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Choice for school board members comes to Florida


• Mike Thomas

As a professional, Shawn Frost works with business start-ups.

“I always think differently,’’ he says. “I have clients who call me when they want to do something different.’’

But it was as a member of the Indian River County School Board that Frost really decided to do something different. He took on the established Florida School Boards Association by starting up a conservative alternative.

The idea was born out of frustration. The FSBA joined the state’s teachers union last year in a lawsuit to stop a tax-credit scholarship program for low-income children. That prompted an outcry from civil rights activists, parents, legislators and other advocates of school choice.

The president of the FSBA happened to be a two-term incumbent on the Indian River School Board. Frost ran against her last year and won.

“They poked a bear that didn’t need to be poked,’’ Frost says. “The lawsuit showed that they weren’t in alignment with what parents and taxpayers who elect us want. They were using the taxpayer’s money to sue the taxpayers. They wanted to kick 68,000 children out of a situation that worked for them, and it was all about money.’’

FCSBM-logo-(Square)He found some like-minded school board members from other counties. And in February they announced the formation of the Florida Coalition of School Board Members.

Erika Donalds, a school board member from Collier County, is a director. She saw the demand for school choice after helping start the Mason Classical Academy charter school, which opened in Naples last year. It has 414 students and 600 on a waiting list.

“I want to change the culture of us versus them with choice schools versus traditional schools,’’ she says. “Public education is the education of the public, no matter what form that takes.’’

Jeff Bergosh, from Escambia County, became the fledgling group’s first president. He has two children in public schools, along with one graduate. His wife was president of the county’s PTA.

“We are all in on public schools,’’ he says. “But I don’t think being pro-public schools and pro-school choice are incompatible. I don’t think public schools will survive if they don’t learn how to compete.’’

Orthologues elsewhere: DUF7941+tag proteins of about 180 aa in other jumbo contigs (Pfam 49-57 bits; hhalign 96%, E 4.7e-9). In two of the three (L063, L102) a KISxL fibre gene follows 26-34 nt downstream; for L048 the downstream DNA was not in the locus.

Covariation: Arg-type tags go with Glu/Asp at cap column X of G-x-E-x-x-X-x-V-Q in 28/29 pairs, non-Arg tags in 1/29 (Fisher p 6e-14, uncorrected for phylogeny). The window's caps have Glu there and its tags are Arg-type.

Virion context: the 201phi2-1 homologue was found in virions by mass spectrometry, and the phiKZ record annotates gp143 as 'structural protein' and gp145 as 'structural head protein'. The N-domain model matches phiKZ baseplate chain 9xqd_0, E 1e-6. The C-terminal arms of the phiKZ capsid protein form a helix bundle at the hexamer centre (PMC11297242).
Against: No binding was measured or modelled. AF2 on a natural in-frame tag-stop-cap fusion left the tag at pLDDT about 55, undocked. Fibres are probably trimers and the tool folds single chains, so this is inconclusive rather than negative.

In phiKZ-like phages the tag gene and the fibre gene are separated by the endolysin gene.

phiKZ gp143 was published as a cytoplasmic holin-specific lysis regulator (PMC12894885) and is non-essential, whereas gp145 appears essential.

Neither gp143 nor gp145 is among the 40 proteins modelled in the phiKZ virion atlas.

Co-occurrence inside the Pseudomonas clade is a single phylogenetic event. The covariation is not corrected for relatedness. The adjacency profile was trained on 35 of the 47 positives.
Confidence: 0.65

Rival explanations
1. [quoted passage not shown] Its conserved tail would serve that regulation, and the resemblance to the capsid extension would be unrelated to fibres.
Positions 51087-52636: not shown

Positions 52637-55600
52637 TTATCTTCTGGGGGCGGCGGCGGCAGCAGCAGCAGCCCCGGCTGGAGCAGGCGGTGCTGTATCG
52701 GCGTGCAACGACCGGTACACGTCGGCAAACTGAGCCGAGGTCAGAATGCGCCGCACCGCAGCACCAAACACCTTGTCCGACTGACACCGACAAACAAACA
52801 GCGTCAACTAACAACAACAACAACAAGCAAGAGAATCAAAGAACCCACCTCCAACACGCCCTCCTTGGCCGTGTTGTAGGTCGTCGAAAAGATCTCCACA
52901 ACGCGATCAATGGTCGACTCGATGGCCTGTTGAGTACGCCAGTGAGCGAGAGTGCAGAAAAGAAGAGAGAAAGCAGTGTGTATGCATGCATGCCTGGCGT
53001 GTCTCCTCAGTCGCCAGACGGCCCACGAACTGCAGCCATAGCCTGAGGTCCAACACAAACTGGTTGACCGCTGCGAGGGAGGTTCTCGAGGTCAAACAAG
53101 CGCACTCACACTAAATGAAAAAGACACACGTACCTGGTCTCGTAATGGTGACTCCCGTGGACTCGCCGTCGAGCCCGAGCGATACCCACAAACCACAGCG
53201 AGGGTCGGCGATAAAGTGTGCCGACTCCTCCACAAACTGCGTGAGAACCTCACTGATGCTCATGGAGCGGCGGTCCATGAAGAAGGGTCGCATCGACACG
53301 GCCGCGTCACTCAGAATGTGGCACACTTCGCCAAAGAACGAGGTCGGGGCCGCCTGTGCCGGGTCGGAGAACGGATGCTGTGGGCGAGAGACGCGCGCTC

School choice is not their only issue. They support accountability, local control, more parental input, fiscal discipline and ending what they say is a lockstep mentality in which school boards becomes more beholden to the system than the public.

They also see a growing disconnect between state lawmakers and the Florida School Boards Association, which has lessened the effectiveness of the latter in representing school districts.

Coalition members also object to the FSBA dues arrangement in which school districts pay a set amount for the entire board. Dues paid on their behalf, in effect, were used to help fund the lawsuit. They want to change the fee structure to one that funds individual memberships so board members can opt out if they don’t want to contribute to funding the FSBA.

For example, Collier County pays $21,000 for its membership, or $4,200 per board member. Donalds would rather see the $4,200 paid on her behalf go back into the classroom. Board members also could choose to use some of the money to join a different organization, such as the coalition.

Its dues are $99 a year, although they have been discounted to half that to encourage membership. The new coalition also plans to offer professional development courses, information on fiscal best management practices and other services at a cheaper cost than the FSBA.

“We don’t intend on buying any buildings in Tallahassee,’’ Donalds says.

About 25 school board members from around the state have joined. The leadership hopes to expand that number by marketing, and also by recruiting more conservatives to run for school boards.

Their agenda is ambitious, but they all cite growing support. They believe once they have established themselves in Florida, they can expand the concept to other states, particularly those where school choice is a big issue.

“There is a change in culture and education leadership,’’ says Donalds. “It all is going in that direction. It’s only matter a time. We would love to expand and have aspirations to make this a national organization.’’


About the author


Mike Thomas @MikeThomasTweet

Mike@excelined.org

Mike Thomas serves in the communications department, writing editorials and speeches. Prior to joining the Foundation, Mike worked for more than 30 years as a journalist with Florida Today and the Orlando Sentinel. He has written investigative projects, magazine feature stories, humor pieces, editorials and local columns. He won several state and national awards, and was named a finalist in the American Society of New Editors’ Distinguished Writing Award for Commentary/Column Writing in 2010. As a columnist for the Orlando Sentinel, he wrote extensively about education reform, becoming one of its chief advocates in the Florida media. Mike graduated from the University of Florida with degrees in political science and journalism. His wife is a teacher and he has two children in public schools. Contact Mike at Mike@excelined.org